Eric Branstad’s job will be more important than that of most state campaign managers for Trump. Daily Kos user ncec1948 gamed out various November outcomes here. Every winning scenario for Trump relies on Iowa’s six electoral votes. I enclose below excerpts from ncec1948’s analysis but recommend clicking through to read the whole post. Most electoral vote projections currently list Iowa as a tossup, though some forecasters see our state leaning Democratic. Iowans have favored the Republican only once in the last seven presidential elections, when President George W. Bush barely defeated John Kerry here in 2004.

With the governor’s son running Trump’s effort here, down-ticket Iowa Republicans who would prefer to distance themselves from the nominee have an even more difficult balancing act ahead.

UPDATE: The Trump campaign confirmed the hire when contacted by the Des Moines Register’s Jason Noble. Eric Branstad told Noble, "I want to work with the campaign and share with Iowans what I’ve gotten to know, and that is how great of a leader and person Mr. Trump is." For his part, the governor said he was late to learn his son was under consideration for the job and "never really played a role" in helping him land the position.

Noble advanced the story while giving credit to the National Review for breaking the news about the Branstad hire. In contrast, Radio Iowa’s O.Kay Henderson reported the story without attribution or a link to Alberta’s post.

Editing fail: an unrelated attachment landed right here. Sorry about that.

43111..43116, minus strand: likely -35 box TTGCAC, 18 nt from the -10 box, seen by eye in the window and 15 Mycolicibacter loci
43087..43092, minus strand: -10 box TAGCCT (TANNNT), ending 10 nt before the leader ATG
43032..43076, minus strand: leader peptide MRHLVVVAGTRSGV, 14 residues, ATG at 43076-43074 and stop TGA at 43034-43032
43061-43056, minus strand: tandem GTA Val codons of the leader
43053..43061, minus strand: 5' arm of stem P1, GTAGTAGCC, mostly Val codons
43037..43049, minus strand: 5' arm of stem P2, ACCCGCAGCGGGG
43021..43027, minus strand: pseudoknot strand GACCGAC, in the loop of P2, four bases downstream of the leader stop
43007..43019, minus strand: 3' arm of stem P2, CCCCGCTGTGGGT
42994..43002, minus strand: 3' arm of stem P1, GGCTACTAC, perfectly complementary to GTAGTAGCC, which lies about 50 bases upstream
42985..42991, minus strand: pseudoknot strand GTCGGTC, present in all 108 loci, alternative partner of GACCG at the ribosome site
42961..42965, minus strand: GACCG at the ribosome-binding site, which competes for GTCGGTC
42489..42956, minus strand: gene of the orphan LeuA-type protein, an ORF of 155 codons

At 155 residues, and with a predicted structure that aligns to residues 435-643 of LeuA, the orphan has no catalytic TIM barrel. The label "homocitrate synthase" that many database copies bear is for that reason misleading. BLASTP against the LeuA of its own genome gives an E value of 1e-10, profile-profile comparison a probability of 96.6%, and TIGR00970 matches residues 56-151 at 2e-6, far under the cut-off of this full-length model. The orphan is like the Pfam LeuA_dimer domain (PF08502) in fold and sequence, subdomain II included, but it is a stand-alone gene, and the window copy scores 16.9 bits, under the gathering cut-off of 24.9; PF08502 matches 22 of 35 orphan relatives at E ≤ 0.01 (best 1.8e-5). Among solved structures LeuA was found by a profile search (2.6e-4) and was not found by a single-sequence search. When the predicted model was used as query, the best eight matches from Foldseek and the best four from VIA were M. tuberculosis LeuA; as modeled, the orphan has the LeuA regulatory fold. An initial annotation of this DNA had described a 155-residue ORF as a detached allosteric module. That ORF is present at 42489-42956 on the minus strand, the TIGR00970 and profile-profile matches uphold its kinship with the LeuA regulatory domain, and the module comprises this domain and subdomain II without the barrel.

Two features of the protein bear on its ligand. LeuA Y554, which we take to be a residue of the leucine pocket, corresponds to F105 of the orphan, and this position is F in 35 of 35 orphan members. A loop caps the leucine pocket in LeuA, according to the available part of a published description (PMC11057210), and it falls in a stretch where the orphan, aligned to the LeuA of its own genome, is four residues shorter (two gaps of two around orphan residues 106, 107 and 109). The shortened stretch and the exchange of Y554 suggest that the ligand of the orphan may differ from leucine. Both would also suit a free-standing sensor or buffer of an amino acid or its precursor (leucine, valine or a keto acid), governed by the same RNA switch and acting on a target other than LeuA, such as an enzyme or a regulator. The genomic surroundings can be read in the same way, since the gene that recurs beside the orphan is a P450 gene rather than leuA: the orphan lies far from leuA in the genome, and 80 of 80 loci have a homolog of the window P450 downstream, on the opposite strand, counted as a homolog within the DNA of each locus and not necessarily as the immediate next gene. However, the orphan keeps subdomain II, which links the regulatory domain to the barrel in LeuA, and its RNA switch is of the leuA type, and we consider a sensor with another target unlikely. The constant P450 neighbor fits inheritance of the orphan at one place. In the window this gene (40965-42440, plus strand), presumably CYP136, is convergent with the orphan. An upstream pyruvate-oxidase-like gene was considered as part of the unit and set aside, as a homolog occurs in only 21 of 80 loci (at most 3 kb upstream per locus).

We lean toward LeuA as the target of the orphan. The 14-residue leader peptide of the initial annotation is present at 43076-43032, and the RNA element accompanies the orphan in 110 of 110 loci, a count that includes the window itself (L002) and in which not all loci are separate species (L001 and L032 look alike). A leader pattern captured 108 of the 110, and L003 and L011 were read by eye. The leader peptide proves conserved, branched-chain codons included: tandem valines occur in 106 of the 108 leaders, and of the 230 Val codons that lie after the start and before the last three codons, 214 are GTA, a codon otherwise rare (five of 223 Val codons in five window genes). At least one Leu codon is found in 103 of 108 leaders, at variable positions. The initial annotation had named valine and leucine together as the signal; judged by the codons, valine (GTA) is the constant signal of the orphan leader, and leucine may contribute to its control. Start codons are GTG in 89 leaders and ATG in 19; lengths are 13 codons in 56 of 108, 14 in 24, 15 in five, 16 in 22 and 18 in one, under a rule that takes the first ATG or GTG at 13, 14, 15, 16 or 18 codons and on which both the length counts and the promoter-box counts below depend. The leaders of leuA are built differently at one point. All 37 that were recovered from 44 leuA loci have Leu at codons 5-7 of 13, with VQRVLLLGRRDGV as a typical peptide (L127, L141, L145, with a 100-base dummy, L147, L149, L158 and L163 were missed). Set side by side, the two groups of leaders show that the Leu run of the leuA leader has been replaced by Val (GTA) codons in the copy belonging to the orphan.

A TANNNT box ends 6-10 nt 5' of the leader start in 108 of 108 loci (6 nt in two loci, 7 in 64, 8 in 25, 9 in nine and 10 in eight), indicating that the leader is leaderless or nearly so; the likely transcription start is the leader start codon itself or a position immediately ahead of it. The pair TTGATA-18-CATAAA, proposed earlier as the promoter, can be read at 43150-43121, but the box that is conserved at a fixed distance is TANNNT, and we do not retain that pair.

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Iowa House district 41: Jo Oldson's and Eddie Mauro's pitches to voters

UPDATE: Oldson won this race by a 67 percent to 33 percent margin.

One of the most closely-watched state legislative results tonight will be the contest between seven-term State Representative Jo Oldson and Democratic challenger Eddie Mauro in Iowa House district 41. The district covering parts of the west and south sides of Des Moines contains more than twice as many Democrats as Republicans, so the winner of today’s primary will almost certainly be elected in November, even if the GOP nominates a candidate late here. (No one filed in time to run in the GOP primary.)

Both campaigns have been working the phones and knocking on doors for months. Iowa’s two largest labor unions, AFSCME and the Iowa Federation of Labor, as well as the National Abortion Rights Action League have been doing GOTV for Oldson, as have a number of her fellow Iowa House Democrats. As of May 24, the early voting numbers in House district 41 were higher than for any other state House race.

Bleeding Heartland posted background on Oldson and Mauro here. I’ve encouraged my friends in the district to stick with Oldson. She has been a reliable progressive vote on major legislation, and she was among only thirteen House Democrats to vote against the costly and ineffective 2013 commercial property tax cut. I have no problem with an entrenched incumbent facing a primary challenge. No one is entitled to hold a legislative seat for life. But even if women were not already underrepresented in the Iowa House—which they are and will continue to be—I would need a better reason to replace a capable incumbent than the reasons Mauro has offered in his literature and in an interview with me last month. Excerpts from that interview are below, along with examples of campaign literature Democrats in House district 41 have been receiving in the mailbox and at the doorstep.